“New Zealand needs more houses in the right places. It is hard to build new houses when thousands and thousands of houses in the existing stock need to be rebuilt. New Zealand now has a once-in-a-generation opportunity to make a difference. There are two new ways of making this happen – public private partnerships (PPPs) and not for profit initiatives using Government capital and or stock transfers,” he said.
"Westpac has experience in social housing PPPs through its role in the Bonnyrigg project on the outskirts of Sydney. For 25 years, Bonnyrigg was known as a troubled housing estate. In 2009, a AU$1 billion redevelopment began that was a partnership between the NSW Department of Housing, a not for profit and a group of private companies led by Westpac. The 18 stage project includes replacing over 800 existing state houses with approximately 2,500 new homes and providing on-going management, maintenance and up keep for 30 years.
“Using the Bonnyrigg model, PPPs could be hugely beneficial in quickly addressing the issue of affordable social housing in New Zealand. The problem is significant and we welcome the Government’s focus on it,” McLean said.
Minister for Housing Phil Heatley told interest.co.nz this week he had visited the Bonnyrigg site and was impressed by what he saw.
"There's no doubt that, or a variation of that, could happen here in New Zealand," Heatley said (See Gareth Vaughan's article here).
"The government will be involved in PPPs for social housing in New Zealand. We have got large tracts of land across the country that we would like to develop with the private sector," he said.
See the release from Finance Minister Bill English and Regulatory Reform Minister Rodney Hide:
The new Productivity Commission's first two inquiries will be into housing affordability and international freight services – two areas that affect New Zealand's international competitiveness, Finance Minister Bill English and Regulatory Reform Minister Rodney Hide say.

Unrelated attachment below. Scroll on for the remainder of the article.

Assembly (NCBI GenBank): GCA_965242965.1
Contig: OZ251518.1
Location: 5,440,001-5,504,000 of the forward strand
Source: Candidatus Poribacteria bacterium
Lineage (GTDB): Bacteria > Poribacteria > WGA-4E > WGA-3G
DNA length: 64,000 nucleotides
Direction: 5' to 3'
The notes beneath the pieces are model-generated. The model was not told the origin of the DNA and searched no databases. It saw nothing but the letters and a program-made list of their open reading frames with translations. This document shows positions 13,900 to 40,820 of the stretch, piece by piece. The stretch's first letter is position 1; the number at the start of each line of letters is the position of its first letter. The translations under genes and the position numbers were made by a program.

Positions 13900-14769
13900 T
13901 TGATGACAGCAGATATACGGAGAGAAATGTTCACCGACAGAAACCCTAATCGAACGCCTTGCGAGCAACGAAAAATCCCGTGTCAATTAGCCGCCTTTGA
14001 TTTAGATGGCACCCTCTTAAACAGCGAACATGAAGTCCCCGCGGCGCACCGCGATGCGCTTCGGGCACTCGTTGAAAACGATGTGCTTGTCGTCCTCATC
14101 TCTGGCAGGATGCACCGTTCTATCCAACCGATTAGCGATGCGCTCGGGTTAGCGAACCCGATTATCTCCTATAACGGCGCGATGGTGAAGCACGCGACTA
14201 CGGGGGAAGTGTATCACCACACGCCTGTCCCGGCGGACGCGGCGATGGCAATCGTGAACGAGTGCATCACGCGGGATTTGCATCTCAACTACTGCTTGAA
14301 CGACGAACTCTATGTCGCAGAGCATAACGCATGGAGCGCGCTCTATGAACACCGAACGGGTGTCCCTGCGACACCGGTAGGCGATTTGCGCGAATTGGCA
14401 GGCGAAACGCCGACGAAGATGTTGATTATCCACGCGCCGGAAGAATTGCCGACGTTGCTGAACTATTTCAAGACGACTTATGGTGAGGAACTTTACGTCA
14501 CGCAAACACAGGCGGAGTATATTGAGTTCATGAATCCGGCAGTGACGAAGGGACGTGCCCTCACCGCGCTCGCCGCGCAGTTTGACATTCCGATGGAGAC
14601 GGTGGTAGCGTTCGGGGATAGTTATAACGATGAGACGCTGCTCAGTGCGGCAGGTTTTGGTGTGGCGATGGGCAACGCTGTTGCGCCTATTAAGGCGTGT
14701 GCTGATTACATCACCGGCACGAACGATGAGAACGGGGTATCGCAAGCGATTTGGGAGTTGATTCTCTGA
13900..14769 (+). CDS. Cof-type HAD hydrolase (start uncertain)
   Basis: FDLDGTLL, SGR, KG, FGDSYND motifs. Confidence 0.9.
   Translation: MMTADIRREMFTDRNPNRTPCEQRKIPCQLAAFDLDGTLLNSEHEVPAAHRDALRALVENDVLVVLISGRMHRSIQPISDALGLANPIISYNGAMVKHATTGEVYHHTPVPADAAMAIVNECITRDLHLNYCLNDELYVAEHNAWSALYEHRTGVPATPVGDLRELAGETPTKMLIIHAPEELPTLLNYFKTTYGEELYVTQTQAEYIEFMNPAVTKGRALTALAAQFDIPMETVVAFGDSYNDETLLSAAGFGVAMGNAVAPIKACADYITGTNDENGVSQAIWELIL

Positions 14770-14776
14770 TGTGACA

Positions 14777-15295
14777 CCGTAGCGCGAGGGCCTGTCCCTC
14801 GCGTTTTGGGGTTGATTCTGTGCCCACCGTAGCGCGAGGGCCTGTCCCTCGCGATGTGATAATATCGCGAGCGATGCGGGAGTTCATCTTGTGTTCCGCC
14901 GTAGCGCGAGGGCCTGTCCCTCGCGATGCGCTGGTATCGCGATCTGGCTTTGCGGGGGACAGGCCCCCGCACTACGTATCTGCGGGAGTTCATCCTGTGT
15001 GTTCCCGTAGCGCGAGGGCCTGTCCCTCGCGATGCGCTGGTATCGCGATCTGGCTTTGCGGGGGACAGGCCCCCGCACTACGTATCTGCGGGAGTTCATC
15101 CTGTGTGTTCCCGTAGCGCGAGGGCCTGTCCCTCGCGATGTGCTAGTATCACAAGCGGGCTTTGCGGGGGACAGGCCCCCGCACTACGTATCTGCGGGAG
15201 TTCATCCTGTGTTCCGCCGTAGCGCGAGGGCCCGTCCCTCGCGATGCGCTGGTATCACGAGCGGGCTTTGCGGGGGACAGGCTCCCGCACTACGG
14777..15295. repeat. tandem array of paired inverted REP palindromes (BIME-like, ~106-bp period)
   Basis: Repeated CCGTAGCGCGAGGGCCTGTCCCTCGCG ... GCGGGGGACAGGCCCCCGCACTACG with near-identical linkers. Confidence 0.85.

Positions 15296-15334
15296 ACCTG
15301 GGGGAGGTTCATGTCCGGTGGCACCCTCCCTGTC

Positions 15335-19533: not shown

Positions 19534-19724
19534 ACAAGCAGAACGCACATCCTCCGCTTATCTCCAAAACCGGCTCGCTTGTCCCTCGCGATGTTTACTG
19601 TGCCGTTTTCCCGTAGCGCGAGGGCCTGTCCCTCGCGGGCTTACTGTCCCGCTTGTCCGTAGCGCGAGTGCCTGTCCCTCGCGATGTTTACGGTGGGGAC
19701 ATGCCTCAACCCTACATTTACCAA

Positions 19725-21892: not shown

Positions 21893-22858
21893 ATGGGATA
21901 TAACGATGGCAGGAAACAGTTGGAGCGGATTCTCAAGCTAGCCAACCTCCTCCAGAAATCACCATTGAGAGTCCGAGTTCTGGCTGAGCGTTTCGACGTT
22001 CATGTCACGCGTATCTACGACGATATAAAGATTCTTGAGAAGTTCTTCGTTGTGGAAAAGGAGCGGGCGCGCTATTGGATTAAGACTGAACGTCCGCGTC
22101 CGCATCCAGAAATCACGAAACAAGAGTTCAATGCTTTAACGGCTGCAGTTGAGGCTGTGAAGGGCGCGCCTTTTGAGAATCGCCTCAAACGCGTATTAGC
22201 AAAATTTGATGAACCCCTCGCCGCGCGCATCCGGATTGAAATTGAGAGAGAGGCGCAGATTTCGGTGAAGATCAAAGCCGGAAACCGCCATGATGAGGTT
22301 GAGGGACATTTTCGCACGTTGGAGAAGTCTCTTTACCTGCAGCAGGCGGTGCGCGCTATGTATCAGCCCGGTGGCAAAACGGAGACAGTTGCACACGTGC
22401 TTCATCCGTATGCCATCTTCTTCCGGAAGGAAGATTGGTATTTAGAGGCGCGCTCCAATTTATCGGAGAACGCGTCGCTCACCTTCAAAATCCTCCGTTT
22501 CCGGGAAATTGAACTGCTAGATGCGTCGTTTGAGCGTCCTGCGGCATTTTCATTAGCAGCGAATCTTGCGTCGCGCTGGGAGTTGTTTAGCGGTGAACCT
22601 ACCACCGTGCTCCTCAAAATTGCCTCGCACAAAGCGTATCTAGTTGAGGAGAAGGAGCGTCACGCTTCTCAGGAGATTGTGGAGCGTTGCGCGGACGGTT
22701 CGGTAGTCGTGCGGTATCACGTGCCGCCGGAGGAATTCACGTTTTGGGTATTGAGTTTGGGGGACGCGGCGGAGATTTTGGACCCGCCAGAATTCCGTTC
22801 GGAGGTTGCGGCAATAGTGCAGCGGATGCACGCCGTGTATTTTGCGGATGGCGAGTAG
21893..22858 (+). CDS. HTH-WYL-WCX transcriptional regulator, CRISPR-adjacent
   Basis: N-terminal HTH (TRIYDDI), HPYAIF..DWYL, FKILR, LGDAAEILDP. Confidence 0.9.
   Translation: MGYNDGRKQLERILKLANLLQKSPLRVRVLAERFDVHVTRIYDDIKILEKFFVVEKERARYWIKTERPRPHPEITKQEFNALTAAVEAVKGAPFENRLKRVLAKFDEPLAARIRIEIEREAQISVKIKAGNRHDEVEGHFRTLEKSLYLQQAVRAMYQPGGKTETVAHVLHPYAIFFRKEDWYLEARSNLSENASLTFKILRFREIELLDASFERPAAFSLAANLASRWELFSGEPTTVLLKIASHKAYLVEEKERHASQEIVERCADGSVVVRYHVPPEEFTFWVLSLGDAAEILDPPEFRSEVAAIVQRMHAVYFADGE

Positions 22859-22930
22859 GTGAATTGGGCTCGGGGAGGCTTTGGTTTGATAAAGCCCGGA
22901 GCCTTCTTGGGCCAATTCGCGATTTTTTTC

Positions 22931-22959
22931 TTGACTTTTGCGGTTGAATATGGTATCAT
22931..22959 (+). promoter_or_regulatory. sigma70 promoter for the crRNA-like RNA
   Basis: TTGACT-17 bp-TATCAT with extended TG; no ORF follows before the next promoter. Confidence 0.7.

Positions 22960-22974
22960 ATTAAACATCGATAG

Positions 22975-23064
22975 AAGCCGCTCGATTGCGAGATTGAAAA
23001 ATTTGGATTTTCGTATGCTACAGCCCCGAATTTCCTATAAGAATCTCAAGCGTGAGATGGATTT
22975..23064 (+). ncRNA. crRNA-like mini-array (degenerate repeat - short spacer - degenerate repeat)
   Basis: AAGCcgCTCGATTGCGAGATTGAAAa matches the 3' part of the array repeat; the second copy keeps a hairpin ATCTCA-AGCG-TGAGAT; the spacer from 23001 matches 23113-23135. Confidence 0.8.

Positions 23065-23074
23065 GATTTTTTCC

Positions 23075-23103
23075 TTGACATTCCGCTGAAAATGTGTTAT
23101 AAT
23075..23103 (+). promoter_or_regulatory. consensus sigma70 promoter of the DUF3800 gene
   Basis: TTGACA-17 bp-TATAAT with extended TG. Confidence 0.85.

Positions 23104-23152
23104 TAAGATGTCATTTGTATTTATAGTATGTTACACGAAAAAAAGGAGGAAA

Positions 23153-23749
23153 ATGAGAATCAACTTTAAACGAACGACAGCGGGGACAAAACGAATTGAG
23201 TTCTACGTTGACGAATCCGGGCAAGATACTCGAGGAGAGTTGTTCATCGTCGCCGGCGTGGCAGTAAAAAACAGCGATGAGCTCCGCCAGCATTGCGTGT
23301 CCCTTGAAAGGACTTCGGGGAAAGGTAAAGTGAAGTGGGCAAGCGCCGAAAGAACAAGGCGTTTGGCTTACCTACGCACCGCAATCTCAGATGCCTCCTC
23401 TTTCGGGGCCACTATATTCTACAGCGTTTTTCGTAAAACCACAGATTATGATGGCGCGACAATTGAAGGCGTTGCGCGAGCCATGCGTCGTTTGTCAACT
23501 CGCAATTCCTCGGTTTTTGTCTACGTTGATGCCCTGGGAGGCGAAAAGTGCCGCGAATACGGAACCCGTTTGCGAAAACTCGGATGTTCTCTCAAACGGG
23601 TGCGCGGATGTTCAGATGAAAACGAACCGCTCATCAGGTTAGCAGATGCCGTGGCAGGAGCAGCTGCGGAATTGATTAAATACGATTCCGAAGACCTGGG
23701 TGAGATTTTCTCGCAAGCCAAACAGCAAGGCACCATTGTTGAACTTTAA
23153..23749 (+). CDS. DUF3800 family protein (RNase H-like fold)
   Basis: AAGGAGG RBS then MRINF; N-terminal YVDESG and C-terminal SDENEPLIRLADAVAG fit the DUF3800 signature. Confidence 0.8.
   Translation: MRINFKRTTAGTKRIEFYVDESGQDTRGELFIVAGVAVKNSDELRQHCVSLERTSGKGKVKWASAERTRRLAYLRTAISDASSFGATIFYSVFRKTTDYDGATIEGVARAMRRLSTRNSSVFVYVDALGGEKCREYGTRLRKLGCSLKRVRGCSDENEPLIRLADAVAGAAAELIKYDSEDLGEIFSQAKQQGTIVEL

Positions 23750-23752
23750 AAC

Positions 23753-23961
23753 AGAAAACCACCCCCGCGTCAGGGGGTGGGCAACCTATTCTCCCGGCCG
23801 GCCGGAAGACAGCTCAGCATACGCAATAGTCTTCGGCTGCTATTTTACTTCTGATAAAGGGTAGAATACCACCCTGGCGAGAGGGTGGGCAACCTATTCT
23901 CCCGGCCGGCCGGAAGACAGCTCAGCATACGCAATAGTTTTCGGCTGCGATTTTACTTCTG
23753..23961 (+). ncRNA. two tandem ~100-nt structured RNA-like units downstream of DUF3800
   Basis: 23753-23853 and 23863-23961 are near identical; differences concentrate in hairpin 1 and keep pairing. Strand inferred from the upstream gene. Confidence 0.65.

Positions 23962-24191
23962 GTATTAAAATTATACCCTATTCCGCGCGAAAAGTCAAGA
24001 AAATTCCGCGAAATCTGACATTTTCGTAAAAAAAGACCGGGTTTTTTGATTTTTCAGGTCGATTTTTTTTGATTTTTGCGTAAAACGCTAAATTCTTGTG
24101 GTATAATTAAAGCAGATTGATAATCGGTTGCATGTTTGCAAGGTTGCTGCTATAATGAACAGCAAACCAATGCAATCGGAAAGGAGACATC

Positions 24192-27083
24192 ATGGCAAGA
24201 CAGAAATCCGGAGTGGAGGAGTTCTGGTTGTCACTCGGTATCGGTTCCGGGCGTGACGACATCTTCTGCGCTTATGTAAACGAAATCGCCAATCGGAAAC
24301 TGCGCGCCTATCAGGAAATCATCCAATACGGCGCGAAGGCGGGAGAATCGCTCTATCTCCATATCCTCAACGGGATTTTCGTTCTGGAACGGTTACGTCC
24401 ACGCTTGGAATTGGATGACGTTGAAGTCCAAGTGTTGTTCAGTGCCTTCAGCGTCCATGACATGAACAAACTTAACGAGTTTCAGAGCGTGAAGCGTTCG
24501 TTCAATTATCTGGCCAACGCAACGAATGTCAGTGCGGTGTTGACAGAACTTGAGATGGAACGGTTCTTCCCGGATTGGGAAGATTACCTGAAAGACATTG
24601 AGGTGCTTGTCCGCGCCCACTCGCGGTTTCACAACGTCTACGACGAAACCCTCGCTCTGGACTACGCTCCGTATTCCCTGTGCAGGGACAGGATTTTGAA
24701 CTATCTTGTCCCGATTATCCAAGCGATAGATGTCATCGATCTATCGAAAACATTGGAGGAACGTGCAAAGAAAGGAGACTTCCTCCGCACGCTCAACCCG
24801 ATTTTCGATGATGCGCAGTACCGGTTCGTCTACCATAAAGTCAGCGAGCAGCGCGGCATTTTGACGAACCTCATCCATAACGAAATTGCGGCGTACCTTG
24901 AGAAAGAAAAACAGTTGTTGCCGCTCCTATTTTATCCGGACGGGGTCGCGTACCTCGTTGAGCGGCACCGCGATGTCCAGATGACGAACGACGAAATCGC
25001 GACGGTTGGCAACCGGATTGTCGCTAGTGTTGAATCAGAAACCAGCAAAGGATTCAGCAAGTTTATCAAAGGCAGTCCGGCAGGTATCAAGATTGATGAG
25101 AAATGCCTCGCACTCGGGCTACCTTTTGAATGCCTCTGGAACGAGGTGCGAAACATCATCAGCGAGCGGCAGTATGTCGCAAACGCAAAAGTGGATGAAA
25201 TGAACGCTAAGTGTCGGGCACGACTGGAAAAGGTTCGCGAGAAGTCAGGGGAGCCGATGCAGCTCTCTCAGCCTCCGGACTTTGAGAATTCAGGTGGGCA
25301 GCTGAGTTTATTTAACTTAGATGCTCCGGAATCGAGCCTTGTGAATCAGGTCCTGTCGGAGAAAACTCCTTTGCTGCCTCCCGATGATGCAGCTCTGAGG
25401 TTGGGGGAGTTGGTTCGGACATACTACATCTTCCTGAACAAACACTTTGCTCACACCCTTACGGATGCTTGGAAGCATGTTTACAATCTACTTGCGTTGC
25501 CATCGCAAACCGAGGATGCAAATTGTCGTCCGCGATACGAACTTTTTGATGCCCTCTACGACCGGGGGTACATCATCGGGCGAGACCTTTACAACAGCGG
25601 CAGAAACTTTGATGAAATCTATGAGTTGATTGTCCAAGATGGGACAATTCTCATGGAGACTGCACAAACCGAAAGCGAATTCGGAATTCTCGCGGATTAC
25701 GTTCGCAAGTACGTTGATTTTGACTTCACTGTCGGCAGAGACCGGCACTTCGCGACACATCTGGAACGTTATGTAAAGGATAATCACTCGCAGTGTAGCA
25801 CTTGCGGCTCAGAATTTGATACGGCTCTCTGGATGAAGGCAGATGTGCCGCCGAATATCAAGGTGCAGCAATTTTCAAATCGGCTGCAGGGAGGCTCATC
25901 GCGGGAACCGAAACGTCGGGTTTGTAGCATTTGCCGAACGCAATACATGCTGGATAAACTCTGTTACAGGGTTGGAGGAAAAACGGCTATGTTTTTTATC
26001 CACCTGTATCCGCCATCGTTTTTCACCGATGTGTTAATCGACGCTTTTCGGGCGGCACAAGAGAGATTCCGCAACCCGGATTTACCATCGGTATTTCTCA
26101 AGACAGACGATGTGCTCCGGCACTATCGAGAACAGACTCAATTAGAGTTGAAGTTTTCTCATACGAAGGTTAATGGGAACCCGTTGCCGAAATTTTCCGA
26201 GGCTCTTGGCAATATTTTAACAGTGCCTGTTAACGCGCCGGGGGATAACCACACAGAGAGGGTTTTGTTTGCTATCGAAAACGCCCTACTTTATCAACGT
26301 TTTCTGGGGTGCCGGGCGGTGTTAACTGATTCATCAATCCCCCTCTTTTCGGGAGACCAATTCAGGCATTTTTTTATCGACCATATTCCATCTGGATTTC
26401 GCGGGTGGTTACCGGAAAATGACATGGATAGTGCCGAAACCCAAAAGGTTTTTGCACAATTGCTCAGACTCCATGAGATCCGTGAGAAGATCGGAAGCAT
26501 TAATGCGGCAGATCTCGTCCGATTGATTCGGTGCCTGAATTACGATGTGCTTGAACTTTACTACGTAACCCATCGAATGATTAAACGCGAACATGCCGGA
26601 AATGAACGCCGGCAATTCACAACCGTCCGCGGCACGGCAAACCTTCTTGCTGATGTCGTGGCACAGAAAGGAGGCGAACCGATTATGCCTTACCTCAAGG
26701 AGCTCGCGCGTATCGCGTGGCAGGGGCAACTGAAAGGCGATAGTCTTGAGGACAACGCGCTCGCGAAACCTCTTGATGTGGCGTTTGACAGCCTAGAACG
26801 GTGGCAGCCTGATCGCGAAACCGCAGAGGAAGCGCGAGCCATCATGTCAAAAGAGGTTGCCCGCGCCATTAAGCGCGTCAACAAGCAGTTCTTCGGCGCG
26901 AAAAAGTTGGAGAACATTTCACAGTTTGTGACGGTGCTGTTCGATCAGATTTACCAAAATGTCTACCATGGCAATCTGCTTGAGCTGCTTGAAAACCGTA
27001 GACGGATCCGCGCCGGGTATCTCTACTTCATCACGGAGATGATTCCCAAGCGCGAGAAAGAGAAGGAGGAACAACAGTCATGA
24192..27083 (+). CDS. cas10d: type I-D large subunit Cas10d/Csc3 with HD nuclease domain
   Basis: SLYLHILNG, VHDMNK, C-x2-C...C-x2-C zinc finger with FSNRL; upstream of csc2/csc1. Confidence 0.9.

The Ministers also announced the appointments of Sally Davenport and Graham Scott as commissioners, working alongside New Zealand Productivity Commission chairman Murray Sherwin.
Ministers will initially refer two topics for inquiry to the Productivity Commission:
· Housing affordability – to be reported back by 1 February 2012.
· International freight transport services – to be reported back by 1 April 2012.
“The Productivity Commission is another step in the Government’s programme to lift New Zealand’s economic performance in both the public and private sectors,” Mr English says.
“Both of these topics have a bearing on New Zealand's export competitiveness. That is important as we seek to rebalance our economy away from excessive borrowing, consumption and government spending towards savings, investment and exports.
“New Zealand experienced a sharp rise in house prices over the past decade, resulting in declines in housing affordability and home-ownership rates and large increases in household debt.
“That accumulation of debt has made the New Zealand economy more vulnerable to external shocks like the global financial crisis. It has also most likely contributed to higher interest and exchange rates, raising the cost of capital for businesses and reducing exporters' returns,” Mr English says.
The inquiry into international freight transport services will look at the effectiveness and efficiency of the existing infrastructure and regulatory regimes for international freight transport services.
“International freight issues are vitally important to us as a nation of exporters, located a long way from major world markets," Mr Hide says.
“Increasing our international trade is a critical part of achieving better productivity growth andensuring New Zealanders maintain and increase their standard of living.
"The two new commissioners bring a good mixture of research and commercial skills to the commission. I’m very pleased that people of such high calibre will join Mr Sherwin and his team looking into major issues for our economy,” Mr Hide says.
The commission, which formally starts work tomorrow, has a wide-ranging brief to inquire into productivity-related matters. It is funded through reprioritised contributions from the existing budgets of 29 government agencies.
Terms of reference for its first two inquiries are available at:
(Updates with affordability chart, link to Roost Homeloan Affordability Report, Westpac response, link to Treasury documents on Productivity Commission, terms of reference, chart, intro paras)